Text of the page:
A Layered Approach to Defending your Network
In order to remain resilient to attack in today’s increasingly high-risk cyber landscape, companies must remain focused on protecting each and every layer of their infrastructure. This requires top-to-bottom coordination across the whole network architecture and throughout on-premises (physical), data centres (hybrid), and cloud (virtual) environments.
No matter how you choose to run your network security, be it independently or through the expertise of a managed services provider, an integrated and layered security strategy is essential. Here we discuss 6 ways in which to establish stronger enterprise security across each of the layers of your network.
Establishing a Better Defense Strategy Across the Layers of your Network:
Every business is different and will therefore choose to implement their defense strategy in their own unique way. Based on our experience however, we’ve put together a definitive list of ways you can work to improve your defense strategy in 6 effective ways:
Take the ‘P-D-C’ Approach
The P-D-C approach is the ‘Protect, Detect and Correct’ approach. But what is it exactly? Well, now more than ever, it’s crucial that businesses accept that comprehensive protection reaches across every infrastructure layer. So, in order to meet such challenges, we propose the P-D-C approach which consists of;
- Protect your network and business data
- Detect any gaps in your network security perimeter
- Correct any vulnerabilities
Apply ‘Defense-in-Depth’ Tactics
The concept of Defense in Depth (DiD) according to OWASP is that “layered security mechanisms increase security of the system as a whole”. So, should “an attack cause one security mechanism to fail, other mechanisms may still provide the necessary security to protect the system”.
So, for instance, let’s say you rely wholly on a firewall to offer security for an internal application. Yet. due to firewalls frequently being bypassed by persistent attackers, this isn’t always a good measure to rely on. Therefore, additional security mechanisms should be added to complement the protection that a firewall provides, and that address other routes of attack.
Ideally, each of the 7 layers of your Open Systems Interconnection (OSI) model, as well as the human layer, must be accounted for in your company’s Defense in Depth (DiD) approach. From Network IDS and IPS to web application firewalls, and malware analyser tools, to host level IPS with DLP, not to mention decryption and encryption etc. All must be stacked and layered from the Application Layer (Layer 7) all the way down to the Physical Layer (Layer 1) of protection.
Manage your Evolving Baseline
It’s imperative that all key participants within your ‘risk team’ agree upon the specified objectives of your defence strategy in order to execute it accordingly. By ensuring an approach whereby security testing, evaluation and analysis are regularly undertaken, as well as locking down access control across your organisation (in order to prevent users from installing unauthorised software), you’ll find targeting unusual behaviour within your company far easier, as opposed to say; taking a ticket approach to every single security alert you receive.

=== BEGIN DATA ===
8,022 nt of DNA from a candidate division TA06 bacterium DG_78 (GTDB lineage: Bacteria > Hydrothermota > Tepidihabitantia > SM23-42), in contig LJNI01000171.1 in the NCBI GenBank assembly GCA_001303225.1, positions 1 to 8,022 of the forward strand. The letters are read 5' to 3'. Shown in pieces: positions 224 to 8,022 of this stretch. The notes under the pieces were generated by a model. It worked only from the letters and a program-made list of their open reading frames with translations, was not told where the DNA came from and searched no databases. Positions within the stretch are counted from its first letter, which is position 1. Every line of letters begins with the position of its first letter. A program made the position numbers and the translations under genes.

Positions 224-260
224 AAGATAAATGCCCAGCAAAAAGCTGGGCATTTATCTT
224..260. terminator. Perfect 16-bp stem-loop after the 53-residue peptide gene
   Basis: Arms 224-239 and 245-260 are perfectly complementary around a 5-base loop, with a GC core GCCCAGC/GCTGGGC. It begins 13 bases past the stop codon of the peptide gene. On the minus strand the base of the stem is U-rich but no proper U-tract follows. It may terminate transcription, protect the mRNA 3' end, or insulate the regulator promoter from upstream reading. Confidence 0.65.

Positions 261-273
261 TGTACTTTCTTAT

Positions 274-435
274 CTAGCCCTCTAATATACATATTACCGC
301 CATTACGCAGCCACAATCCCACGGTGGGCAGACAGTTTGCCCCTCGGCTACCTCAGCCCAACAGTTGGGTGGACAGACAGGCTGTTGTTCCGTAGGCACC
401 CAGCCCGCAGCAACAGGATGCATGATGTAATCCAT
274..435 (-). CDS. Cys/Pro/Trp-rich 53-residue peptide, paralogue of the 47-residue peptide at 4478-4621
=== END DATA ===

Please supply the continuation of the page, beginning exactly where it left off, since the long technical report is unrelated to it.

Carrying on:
Monitor Network Vulnerability
Factor in all hardware and software segments, and user groups of your network into a daily, weekly, biweekly or monthly schedule, so that at least every 90 days all segments will have been patched and scanned for the latest vulnerabilities on at least one occasion.
We suggest putting together a point of contact list for each segment, so you know who is held accountable for mitigating discovered vulnerabilities and out-of-date patches. Doing so will ensure a collaborative culture of testing and developing mitigations as part of your company’s normal compliance of your company compliance exercises or audits etc.
Don’t Forget – Reporting is your Friend
Should you need to demonstrate the fact that you’re taking suitable precautions, reporting is quite simply the answer. Afterall, you can’t tell if anything’s working if you can’t report on it.
Ultimately, your reporting processes should enable you to clarify what’s wrong, prevent it from happening, resolve the problem, and finally… ensure it doesn’t happen again. To achieve this, here are four basic forms of reporting that we suggest you consider implementing;
- Management Reports i.e. which spam has been blocked, how many viruses have been caught etc.
- Technical Reports i.e. the growth in firewall CPU load etc.
- Technical Reports of Exceptions i.e. unusual internet traffic levels, viruses that succeeded app protection etc.
- Reporting of Serious Problems i.e. should a scheduled scan flag up something crucial, timely alerts can ensure you remain informed when it matters most.
Encourage Team Training and Collaboration
The best teams are collaborative with each other and continuously cross-trained as a culture. This is especially important in larger establishments with dispersed teams and various duties split across multiple areas of a business. To accomplish such a culture within your organisation, consider creating new ways of cross-training your team to leverage the likes of online and virtual penetration testing, malware analysis and forensic tools.
Rethinking your Approach to Network Security…
The effect of a security breach can be crippling to the successful operations of a business. From recovering from data loss, a damaged reputation, and business interruption, the costs can often be severe, sometimes resulting in the demise of an enterprise. If you’re keen to rethink your company’s approach to network security, Rio IT can help.
As explained above, it takes a comprehensive suite of solutions to accommodate the complexities of your layered security architecture. Find out more by contacting Rio IT – our friendly team are always happy to help.